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Ahead of the deadline, U.S. President Donald Trump told reporters that Huawei was a national security threat.Technologyread more
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"Why do we overcomplicate things? We've got Home Depot. We've got a new manager who's real good at Lowe's and we've got Floor & Decor. What, are we going to own them all?" the "Mad Money " host asked on Friday.
Instead of trying to balance owning shares in all three home improvement retailers, Cramer recommended going for the best of breed players.
"Home Depot, at $190, I said was unbelievable. And you know what? I'm reiterating Home Depot and I have to tell you, if Lowe's comes down, [it's] probably worth buying, too," he said. "But don't buy them all."
Cramer couldn't resist patting himself on the back for that if Friday's job results were strong, they would embolden President to intensify his administration's trade war with China.
Sure enough, the was followed by another warning from Trump to China. The president told reporters Friday that he was "ready" to place tariffs on on top of the of goods already under scrutiny.
"Why does this matter? Because the president's predictability on trade has created a 'good news is bad news' dynamic," Cramer said. "Good news for the economy causes the White House to ratchet up trade tensions, which is viewed as bad news by the stock market."
Given the tit-for-tat history of the U.S.-China trade debacle, Cramer figured that the Chinese government would issue a response to Trump's barb over the weekend.
"You should expect a response from China over the weekend, and that does not bode well for Monday's thinly traded session," Cramer warned. (Monday marks the start of Rosh Hashana, the Jewish New Year.)
He added that shares of big industrial and technology companies with business in China would likely suffer the consequences.
"Be ready for a bit of a sell-off. Might be a good buying opportunity if the pain spreads beyond the Chinese-focused stocks," the "Mad Money" host said, turning to his weekly game plan.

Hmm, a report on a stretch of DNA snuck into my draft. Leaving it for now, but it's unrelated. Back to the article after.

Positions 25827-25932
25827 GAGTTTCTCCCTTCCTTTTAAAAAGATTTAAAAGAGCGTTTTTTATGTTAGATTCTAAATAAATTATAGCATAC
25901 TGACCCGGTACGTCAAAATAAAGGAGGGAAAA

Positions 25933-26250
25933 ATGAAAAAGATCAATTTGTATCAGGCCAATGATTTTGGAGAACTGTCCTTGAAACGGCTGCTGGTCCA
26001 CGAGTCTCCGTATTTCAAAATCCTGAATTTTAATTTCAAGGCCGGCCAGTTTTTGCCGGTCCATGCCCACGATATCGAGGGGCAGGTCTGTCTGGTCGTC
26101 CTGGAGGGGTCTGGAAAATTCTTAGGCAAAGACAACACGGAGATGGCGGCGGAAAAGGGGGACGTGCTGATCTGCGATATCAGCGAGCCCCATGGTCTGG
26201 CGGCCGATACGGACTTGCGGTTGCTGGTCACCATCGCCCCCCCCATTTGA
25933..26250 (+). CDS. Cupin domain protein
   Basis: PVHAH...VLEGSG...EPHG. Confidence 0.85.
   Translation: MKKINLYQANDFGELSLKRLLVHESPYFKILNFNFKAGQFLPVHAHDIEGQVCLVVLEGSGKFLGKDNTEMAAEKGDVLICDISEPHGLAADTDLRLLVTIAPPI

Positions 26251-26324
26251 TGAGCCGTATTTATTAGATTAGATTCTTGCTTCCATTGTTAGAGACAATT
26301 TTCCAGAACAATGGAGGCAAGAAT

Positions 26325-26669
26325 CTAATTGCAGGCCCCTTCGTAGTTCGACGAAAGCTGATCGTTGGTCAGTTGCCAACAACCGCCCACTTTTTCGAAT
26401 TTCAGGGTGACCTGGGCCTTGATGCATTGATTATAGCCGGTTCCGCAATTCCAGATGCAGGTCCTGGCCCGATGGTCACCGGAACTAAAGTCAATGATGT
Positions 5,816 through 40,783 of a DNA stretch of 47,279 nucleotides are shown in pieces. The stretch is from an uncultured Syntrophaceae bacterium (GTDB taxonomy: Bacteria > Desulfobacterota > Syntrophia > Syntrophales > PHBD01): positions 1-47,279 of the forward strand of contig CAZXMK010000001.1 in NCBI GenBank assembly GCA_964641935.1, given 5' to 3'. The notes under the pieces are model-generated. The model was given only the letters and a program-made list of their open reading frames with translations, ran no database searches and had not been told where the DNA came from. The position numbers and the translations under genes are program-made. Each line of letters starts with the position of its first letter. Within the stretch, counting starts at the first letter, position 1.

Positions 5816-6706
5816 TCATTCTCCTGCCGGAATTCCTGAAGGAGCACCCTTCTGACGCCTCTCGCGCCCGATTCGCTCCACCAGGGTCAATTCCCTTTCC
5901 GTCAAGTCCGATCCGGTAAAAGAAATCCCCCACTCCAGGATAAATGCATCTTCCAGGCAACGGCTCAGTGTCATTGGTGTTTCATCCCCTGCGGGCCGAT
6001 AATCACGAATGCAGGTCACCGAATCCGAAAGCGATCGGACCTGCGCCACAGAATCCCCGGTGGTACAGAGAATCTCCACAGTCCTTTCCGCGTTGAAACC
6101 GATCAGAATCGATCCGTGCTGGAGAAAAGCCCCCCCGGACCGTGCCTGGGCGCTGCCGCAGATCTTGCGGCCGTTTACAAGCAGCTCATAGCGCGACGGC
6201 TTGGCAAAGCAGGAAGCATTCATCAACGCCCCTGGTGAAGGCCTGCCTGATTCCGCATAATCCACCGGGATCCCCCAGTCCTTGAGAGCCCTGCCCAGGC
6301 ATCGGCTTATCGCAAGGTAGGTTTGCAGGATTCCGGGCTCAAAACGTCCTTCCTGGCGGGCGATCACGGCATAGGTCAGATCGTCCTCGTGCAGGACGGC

Ten years after a U.S. financial crisis debilitated world markets, financial services and ratings conglomerate is putting processes in place to prevent it from happening again, President and CEO Douglas Peterson told CNBC on Friday.
"One thing that's interesting that we've added in from those days is ways to connect the dots," Peterson said in an exclusive interview with Cramer.
"We have ways that our sovereign analysts, our financial analysts, our corporate analysts, energy, commodities, etcetera — they get together and they talk, not just in the region, but also globally," the CEO said.
S&P Global — the sprawling corporation behind Standard & Poor's, S&P Global Market Intelligence, S&P Dow Jones Indices and countless other benchmarks and financial technology services — became embroiled in the aftermath of the 2007 and 2008 recession.
The company's Standard & Poor's Financial Services division paid more than $1.3 billion in 2015 to settle a lawsuit led by the Department of Justice that accused the segment of defrauding investors using inflated ratings that miscast the credit risks associated with mortgage-backed securities.
Now, Peterson said his company's over 1,500 analysts around the world are being more diligent about looking for worrisome trends.
To watch and read more about his full interview, click here.
Concerns around a haven't offset business at Houzz, a rapidly growing online home improvement platform and that helps consumers seek out products and professional designers.